Human brain fills in gaps to create illusion of continuous sound

Have you ever felt like you were hearing sounds that were not actually there? Like your ears were “filling in” gaps?

It is actually quite normal and scientists at Maastricht University in The Netherlands are studying this mechanism by which the human brain “fills in” sound.

The human ear picks up on many sounds at a time and many different sounds compete for attention. When you focus on a single sound – say, someone talking – other sounds can interrupt it. When this happens, the brain may actually fill in information that your ears do not actually pick up. For instance, if a word is interrupted by a loud crash in the middle of someone’s speech, our brains seem to fill in the information that we missed, giving us the illusion that we heard the complete word.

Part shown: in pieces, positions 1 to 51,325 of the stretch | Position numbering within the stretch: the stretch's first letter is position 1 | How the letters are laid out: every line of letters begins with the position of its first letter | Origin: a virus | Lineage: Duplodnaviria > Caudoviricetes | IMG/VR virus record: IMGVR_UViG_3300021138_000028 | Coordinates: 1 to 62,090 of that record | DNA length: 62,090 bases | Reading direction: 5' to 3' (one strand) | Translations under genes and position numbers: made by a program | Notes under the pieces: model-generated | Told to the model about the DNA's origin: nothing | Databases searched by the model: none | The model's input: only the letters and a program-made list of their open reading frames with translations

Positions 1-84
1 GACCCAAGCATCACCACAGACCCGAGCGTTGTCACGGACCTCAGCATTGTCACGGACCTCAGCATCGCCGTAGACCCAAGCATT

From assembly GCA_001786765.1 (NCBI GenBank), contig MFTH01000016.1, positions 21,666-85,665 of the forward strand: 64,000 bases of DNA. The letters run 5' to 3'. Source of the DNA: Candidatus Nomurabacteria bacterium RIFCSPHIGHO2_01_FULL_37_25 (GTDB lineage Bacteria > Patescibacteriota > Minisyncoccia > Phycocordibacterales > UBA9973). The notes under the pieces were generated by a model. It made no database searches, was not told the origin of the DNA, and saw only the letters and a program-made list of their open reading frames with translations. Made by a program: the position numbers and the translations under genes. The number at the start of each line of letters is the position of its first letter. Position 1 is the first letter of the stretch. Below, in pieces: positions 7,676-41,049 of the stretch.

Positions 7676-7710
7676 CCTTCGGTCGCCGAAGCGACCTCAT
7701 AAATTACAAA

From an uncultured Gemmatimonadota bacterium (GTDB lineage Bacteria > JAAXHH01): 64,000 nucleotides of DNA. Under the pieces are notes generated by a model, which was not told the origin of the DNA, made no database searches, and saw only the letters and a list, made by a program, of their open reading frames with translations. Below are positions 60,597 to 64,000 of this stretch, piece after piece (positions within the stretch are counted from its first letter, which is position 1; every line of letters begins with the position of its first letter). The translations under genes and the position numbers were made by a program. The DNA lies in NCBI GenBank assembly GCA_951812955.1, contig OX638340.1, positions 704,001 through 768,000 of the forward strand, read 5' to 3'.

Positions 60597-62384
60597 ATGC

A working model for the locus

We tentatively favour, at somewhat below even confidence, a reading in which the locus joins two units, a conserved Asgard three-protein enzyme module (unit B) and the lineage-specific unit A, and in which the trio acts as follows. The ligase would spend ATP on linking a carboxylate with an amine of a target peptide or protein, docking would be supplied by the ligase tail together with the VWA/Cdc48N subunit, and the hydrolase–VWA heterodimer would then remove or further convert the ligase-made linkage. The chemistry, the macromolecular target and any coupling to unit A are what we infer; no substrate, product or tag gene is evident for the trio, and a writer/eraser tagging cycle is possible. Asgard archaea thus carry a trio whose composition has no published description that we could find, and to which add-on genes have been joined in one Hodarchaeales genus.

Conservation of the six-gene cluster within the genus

Scientists say that this may influence the design of future hearing aids.

Click here for more information.


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